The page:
Seton Hall

The Fat Lady Sings

All grand jury proceedings by law are secret, and most of the more than 6,000 pages of transcripts and evidence from the special grand jury convened to consider the Seton Hall case remain under seal. Campolo, the acting prosecutor, speaking through a spokeswoman, has refused to discuss any details of the case and as of late August, even the attorneys representing Ryan, LaPore and Cataldo had seen only a fraction of the evidence against their clients.

Donald Campolo, acting prosecutor
Donald Campolo, acting prosecutor
But according to key documents reviewed by the popular men's magazine Stuff, including summation statements made to the grand jury by Assistant Prosecutors Jeffrey Cartwright and Norman Menz at two key moments during the 40-month long probe, the events that led to the fire began with a stupid frat boy prank. "It's the fat girl scenario," as one of the attorneys put it.

A somewhat awkward young coed had become infatuated with Ryan, and one of his pals, a young man who is not suspected of playing any part in the blaze, apparently thought it would be funny to see if he could set the two of them up together.

The opportunity presented itself on the night of January 19, the night of the biggest basketball game on the Seton Hall schedule, when, according to the girl's testimony, the girl and her roommates decided to throw a party in their dorm room.

Nugent, the resident assistant whose prim demeanor had apparently irked Ryan and LaPore in the past, told the grand jury that the party was raucous enough that he had tried and failed -- to break it up.

As the party wore down, Ryan realized that his friend had pranked him, authorities contend. Whether it was embarrassment lubricated with booze or real rage is anybody's guess but witnesses testified that an impromptu wrestling match broke out which spilled into the third-floor lounge. While Ryan and his frat brother were wrestling, Ryan, as he admitted under interrogation, ripped down the banner.

Nugent appeared again, as he always seemed to whenever the boys got rowdy, and according to his testimony, he threw them out of the lounge. The confrontation, it seems, was loud enough to prompt another RA, Dana Christmas to investigate. Seeing that Nugent apparently had things under control, she told authorities, that she simply went back to her room, unaware that within a few minutes, she would be fighting not only for her own life but the life of the students in her care.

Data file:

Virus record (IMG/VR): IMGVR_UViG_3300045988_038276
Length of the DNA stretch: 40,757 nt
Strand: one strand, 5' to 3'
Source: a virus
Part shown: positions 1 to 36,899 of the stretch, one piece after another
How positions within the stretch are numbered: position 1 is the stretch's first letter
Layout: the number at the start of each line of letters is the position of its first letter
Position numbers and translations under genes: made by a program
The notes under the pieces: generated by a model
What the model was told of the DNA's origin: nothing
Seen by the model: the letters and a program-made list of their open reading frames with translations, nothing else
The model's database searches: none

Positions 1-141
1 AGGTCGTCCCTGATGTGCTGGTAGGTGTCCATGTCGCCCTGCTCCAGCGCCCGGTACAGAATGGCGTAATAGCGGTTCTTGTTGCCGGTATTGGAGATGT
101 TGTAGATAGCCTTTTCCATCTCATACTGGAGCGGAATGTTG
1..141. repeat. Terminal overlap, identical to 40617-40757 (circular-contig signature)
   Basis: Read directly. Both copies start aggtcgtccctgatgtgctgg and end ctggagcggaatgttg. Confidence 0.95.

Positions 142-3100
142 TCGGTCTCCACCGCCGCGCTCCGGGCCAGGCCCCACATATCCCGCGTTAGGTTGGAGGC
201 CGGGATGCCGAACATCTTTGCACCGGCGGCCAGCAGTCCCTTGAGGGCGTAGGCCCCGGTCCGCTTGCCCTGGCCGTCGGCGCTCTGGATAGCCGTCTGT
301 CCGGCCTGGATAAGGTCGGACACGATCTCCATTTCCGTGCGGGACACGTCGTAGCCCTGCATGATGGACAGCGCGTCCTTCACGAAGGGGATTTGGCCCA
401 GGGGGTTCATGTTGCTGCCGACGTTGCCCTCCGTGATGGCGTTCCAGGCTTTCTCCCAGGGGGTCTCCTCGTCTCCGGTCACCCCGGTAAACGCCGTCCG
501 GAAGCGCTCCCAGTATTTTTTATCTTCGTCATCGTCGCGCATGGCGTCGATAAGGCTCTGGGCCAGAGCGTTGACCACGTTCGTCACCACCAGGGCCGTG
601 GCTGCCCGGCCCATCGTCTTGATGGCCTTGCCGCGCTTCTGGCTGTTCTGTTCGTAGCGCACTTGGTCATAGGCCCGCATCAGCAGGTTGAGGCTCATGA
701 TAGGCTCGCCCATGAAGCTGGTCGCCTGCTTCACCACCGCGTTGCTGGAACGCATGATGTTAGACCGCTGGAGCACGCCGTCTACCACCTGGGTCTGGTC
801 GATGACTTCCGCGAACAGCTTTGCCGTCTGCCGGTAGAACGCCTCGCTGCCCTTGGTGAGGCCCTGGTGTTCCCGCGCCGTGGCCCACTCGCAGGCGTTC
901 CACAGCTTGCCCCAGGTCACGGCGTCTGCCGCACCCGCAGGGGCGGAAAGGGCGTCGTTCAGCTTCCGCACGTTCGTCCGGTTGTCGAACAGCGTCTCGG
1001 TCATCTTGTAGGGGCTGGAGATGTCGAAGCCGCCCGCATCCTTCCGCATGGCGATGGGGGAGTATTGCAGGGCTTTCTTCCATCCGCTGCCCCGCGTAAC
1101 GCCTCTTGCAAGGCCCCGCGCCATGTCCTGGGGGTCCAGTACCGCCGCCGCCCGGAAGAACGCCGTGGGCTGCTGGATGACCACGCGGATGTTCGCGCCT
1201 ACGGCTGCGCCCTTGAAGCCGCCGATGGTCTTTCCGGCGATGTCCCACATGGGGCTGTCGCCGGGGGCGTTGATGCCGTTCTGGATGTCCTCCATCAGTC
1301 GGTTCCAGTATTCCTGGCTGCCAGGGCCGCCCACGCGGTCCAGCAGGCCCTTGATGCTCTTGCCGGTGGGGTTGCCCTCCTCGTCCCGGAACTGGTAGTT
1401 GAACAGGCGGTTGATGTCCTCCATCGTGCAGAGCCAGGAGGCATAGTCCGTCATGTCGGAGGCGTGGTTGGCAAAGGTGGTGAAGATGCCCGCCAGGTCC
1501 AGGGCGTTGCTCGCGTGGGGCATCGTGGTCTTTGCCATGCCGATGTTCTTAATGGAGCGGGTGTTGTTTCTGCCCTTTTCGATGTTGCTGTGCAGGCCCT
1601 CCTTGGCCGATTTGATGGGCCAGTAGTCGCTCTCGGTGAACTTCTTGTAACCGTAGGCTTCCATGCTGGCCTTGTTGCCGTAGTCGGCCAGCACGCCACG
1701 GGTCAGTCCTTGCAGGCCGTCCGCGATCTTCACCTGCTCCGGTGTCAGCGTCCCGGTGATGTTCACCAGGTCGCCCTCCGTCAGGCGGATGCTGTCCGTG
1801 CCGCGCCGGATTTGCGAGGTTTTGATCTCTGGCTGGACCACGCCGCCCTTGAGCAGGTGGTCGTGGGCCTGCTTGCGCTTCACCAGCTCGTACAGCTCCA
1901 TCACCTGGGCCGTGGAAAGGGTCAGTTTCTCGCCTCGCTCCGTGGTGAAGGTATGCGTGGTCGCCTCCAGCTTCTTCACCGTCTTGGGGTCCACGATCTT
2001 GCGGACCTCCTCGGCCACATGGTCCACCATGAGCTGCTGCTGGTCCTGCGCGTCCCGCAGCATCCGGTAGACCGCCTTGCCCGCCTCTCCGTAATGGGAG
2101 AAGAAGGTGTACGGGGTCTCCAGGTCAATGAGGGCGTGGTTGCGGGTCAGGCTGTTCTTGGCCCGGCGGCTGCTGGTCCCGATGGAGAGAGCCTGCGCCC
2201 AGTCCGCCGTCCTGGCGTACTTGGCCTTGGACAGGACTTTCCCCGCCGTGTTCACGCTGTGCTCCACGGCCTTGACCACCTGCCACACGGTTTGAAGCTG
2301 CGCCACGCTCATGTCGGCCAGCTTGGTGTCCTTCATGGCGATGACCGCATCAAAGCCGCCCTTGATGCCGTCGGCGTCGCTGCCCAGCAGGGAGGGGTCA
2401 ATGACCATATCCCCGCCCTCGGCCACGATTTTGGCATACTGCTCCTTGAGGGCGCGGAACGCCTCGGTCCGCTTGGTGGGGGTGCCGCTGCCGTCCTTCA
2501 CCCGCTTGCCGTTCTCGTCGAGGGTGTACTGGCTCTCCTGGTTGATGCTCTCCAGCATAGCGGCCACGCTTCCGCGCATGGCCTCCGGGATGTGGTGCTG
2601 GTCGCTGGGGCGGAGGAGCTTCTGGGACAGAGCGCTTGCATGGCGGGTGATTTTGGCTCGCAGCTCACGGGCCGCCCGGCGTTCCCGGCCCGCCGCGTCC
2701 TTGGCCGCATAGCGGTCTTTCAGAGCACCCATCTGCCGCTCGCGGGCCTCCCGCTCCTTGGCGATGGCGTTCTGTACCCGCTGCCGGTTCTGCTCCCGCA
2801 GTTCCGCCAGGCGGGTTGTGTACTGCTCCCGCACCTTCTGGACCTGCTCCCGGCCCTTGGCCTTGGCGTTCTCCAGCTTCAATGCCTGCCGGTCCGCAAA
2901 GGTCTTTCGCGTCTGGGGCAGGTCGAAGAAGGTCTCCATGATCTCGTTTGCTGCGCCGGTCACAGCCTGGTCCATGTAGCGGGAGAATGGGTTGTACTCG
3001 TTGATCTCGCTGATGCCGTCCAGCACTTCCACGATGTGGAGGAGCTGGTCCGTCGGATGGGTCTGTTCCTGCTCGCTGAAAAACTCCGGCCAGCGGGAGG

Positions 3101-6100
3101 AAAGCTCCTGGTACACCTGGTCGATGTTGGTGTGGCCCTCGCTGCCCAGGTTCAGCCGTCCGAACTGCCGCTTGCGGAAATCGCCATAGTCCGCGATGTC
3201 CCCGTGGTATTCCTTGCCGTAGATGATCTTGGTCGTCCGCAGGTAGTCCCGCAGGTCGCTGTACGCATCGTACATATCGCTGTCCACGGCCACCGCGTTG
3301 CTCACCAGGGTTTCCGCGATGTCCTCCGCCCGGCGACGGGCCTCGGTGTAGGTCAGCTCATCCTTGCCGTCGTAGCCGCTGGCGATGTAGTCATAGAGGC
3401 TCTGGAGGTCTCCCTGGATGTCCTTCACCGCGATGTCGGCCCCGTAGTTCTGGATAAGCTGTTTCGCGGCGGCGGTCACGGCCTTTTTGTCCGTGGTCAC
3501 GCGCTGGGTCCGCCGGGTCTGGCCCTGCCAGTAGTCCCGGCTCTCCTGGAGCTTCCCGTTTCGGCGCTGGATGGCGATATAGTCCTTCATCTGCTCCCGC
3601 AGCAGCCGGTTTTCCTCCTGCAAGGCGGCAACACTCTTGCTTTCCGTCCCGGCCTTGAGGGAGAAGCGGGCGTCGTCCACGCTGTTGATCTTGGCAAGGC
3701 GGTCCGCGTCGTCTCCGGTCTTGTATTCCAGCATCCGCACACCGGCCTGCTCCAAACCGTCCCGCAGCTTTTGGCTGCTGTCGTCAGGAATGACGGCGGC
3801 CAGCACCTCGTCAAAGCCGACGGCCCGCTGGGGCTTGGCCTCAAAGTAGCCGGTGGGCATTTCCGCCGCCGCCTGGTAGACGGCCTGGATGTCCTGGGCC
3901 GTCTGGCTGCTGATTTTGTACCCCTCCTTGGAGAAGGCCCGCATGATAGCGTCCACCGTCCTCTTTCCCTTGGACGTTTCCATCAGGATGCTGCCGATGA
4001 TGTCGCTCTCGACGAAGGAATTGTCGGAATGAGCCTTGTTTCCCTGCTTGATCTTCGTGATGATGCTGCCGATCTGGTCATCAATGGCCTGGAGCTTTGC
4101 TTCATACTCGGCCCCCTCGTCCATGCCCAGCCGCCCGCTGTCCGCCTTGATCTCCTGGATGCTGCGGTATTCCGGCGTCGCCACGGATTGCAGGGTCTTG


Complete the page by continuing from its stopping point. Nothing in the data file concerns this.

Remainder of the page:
The next key piece of evidence came from Gabe Smith, the freshman whose dorm room was adjacent to Ryan and LaPore's room. Smith told the grand jury that he and his roommate, John Giunta, who had died before he ever reached the threshold of his dorm room, had been lying awake in the minutes leading up to the fire and that they remembered hearing footsteps entering LaPore and Ryan's room, then leaving. The sound trailed off in the direction of the stairway at the opposite end of the hallway from the lounge. Moments later, they heard the fire alarm.

To Menz, the assistant prosecutor, that was a critical detail. It meant that he could place LaPore and or Ryan outside of their room in the moments immediately before the fire.

There was more. Karpenski, who had at first testified to the grand jury that he knew nothing about the fire, later recanted, under the advice of his attorney. Among other things, he told the jurors about the January 21 meeting at the Dunkin' Donuts in Florham Park when the four lifelong friends agreed to keep the secret of the banner.

With that, authorities had three key elements of their case in place. They had a motive the frivolous feud between the boys from Florham Park and their brittle RA. They had opportunity, and with Karpenski's testimony, they also had evidence of a conspiracy to withhold crucial information from the grand jury.

But, the cops and prosecutors realized, they still didn't have a smoking gun.

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